Stanford University News Service
425 Santa Teresa Street
Stanford, California 94306-2245
Tel: (650) 723-2558
Fax: 650) 725-0247
September 15, 2004
Elaine Ray, News Service, (650) 723-7162; email@example.com
The 114th Opening Day Convocation to welcome the Class of 2008 will be held at 4:15 p.m. Monday, Sept. 20, on Stanford's Main Quad.
President John Hennessy will deliver the official welcome to 1,655 incoming freshmen and 81 transfer students. Vice Provost for Undergraduate Education John Bravman and Dean of Admission and Financial Aid Robin Mamlet also will address the students and their parents. No special press credentials will be needed. A mult box will be available for broadcast reporters.
New Student Orientation lasts through Sunday, Sept. 26. Highlights include a roundtable discussion with alumni who wrote one of three books that freshmen were assigned to read over the summer: Caucasia, by Danzy Senna; Brown: The Last Discovery of America, by Richard Rodriguez; and Middlesex, a novel by Jeffrey Eugenides. The event is set for Tuesday, Sept. 21, from 7 p.m. to 8 p.m. in Memorial Auditorium. The next day, KQED radio's Michael Krasny, host of the talk show Forum, will moderate a panel discussion, entitled "What is News?" The talk is scheduled from 1:30 to 3 p.m., also in Memorial Auditorium. The panel will include political science Professor Morris Fiorina, philosophy Professor Debra Satz, and Geoffrey Nunberg, consulting professor of linguistics. These events are not open to the public, but limited press seating may be available.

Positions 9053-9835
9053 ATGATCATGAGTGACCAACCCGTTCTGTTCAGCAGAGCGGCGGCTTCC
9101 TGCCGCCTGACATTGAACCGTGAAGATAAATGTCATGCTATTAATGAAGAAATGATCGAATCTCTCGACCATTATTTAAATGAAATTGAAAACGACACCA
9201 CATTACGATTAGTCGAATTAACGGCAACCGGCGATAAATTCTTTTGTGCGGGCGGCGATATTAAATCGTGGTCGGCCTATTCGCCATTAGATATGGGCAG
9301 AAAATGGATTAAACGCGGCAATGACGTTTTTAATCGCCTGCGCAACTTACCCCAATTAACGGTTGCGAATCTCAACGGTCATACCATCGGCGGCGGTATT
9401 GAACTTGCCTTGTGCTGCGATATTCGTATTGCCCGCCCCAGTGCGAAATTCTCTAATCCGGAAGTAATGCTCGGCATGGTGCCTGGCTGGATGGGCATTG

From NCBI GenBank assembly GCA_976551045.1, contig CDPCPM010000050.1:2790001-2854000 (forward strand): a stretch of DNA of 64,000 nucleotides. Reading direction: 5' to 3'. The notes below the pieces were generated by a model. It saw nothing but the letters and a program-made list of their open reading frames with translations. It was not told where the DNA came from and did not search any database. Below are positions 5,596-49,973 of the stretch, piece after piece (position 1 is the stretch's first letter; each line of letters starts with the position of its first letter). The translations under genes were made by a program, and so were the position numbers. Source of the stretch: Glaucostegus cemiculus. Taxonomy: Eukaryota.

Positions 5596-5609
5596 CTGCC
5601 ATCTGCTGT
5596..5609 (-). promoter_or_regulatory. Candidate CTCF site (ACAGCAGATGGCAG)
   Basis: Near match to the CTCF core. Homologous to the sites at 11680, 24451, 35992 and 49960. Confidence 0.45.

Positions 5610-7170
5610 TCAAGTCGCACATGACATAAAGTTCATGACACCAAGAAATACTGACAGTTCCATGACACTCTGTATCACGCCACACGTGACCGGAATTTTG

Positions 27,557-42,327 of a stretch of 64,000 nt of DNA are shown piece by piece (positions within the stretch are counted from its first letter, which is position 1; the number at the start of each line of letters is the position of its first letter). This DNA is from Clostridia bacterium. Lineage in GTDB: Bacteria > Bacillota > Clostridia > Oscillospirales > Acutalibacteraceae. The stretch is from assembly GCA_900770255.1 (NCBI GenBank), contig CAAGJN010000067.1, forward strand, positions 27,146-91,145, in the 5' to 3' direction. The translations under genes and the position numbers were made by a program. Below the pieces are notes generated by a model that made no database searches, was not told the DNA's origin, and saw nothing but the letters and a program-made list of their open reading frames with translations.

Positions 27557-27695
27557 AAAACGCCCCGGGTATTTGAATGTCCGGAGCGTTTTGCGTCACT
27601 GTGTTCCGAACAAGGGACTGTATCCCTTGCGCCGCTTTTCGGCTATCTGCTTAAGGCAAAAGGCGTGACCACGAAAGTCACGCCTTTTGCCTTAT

On Saturday, Sept. 25, Stanford's varsity football team hosts the University of Southern California. The game begins at 4 p.m.
Statement on Privacy
Stanford University has an interest in ensuring that the privacy of its students, faculty and staff is respected, and that no activities interfere with education, research or residential life.
The university is private property; however, some areas of the campus typically are open to visitors. These areas include White Plaza, public eating areas (such as those at Tresidder Union), outdoor touring areas, and locations to which the public has been invited by advertised notice (such as for public educational, cultural or athletic events). Even in these locations, visitors must not interfere with the privacy of students, faculty and staff, or with educational, research and residential activities. The university may revoke at any time permission to be present in these or any other areas. Visitors should not be in academic or residential areas unless they have been invited for appropriate business or social purposes by the responsible faculty member, student or staff member.
No commercial activity--including the taking of photos or similar audio or visual recordings that are sold to others or otherwise used for commercial purposes--may occur on the campus without the university's permission. Requests for permission should be submitted to the Director of University Communications or, as appropriate, the Dean of Students, the Department of Athletics or the Office of Public Events. Recognized student groups and official units of the university will be granted such permission so long as they do not violate the privacy or property interests of others; so long as any sale of their products is predominantly on campus to students, faculty and staff; and so long as they comply with applicable university policies and procedures.
Violators of this policy may be subject to criminal and/or civil liability, as well as university disciplinary action.
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